I am an elected board member of a 501(c)(3) nonprofit corporation. Our organization had an issue years ago where there was apparently an attempted coup. In response, the by-laws were amended to state that only board members may vote on new board members. Is there anything in federal or state law that says otherwise for a 501(c)(3) corporation? It seems to me the members should elect board members!
You raise my favorite question for nonprofit organizations: Whose organization is it? (See Ready Reference Page: “The Key Question: Whose Organization Is It?”)
Federal rules for 501(c)(3) organizations do not establish criteria for governance issues such as this. The IRS generally does not care who controls the organization so long as it operates “exclusively” for charitable purposes.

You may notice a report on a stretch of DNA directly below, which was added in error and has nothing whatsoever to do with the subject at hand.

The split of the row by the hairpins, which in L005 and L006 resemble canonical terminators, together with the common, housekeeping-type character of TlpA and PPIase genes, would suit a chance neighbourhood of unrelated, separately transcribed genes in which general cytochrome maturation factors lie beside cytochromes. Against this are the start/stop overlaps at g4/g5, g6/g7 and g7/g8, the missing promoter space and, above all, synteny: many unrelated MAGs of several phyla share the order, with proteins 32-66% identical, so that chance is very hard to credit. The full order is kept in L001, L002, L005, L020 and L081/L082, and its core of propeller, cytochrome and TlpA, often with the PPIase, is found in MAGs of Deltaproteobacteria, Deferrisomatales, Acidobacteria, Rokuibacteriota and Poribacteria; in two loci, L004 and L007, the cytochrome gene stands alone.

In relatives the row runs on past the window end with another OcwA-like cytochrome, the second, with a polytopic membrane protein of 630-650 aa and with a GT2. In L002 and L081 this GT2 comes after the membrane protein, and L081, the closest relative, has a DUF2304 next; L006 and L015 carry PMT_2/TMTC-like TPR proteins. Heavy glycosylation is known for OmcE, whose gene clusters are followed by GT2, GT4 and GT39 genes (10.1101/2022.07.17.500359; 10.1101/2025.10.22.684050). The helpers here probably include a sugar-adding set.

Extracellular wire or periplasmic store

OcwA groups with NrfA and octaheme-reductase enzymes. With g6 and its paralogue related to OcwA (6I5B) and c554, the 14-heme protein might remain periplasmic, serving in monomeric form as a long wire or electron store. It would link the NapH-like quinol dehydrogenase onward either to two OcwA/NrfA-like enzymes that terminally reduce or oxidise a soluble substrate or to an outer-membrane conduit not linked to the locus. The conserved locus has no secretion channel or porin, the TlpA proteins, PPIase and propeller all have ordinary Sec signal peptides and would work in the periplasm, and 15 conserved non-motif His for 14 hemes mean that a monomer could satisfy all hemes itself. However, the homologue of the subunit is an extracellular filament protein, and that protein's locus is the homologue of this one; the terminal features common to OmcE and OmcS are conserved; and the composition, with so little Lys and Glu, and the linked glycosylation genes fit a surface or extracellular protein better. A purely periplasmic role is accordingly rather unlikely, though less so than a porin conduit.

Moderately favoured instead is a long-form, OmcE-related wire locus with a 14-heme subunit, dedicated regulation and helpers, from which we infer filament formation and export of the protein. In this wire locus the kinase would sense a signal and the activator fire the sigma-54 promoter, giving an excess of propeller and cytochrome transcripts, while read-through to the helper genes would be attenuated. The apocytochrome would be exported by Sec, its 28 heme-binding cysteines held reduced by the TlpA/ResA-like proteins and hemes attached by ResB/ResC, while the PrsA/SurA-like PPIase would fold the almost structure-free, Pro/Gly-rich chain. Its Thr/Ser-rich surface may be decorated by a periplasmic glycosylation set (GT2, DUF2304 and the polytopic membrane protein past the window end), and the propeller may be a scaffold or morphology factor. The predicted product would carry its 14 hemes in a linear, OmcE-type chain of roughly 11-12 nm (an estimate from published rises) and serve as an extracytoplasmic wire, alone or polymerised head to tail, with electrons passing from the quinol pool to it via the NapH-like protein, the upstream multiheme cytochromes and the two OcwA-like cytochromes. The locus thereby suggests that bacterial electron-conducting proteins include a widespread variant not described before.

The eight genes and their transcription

State law governs the governance question and generally divides corporations between membership organizations, where members have voting rights analogous to shareholders of a business corporation, and board-only corporations. The organization and its members (if there are any), get to choose. Your group apparently chose to have the board self-perpetuate and treat the “members” as contributors or supporters rather than as voting stakeholders. Whether or not there should be voting members, in my view, depends primarily on the answer to my favorite question and whether the “members” would be sufficiently interested in the activities of the organization to pay attention to its governance. The board can always amend the bylaws again to invest members with voting power, but it is pretty hard to get human beings to voluntarily give up power.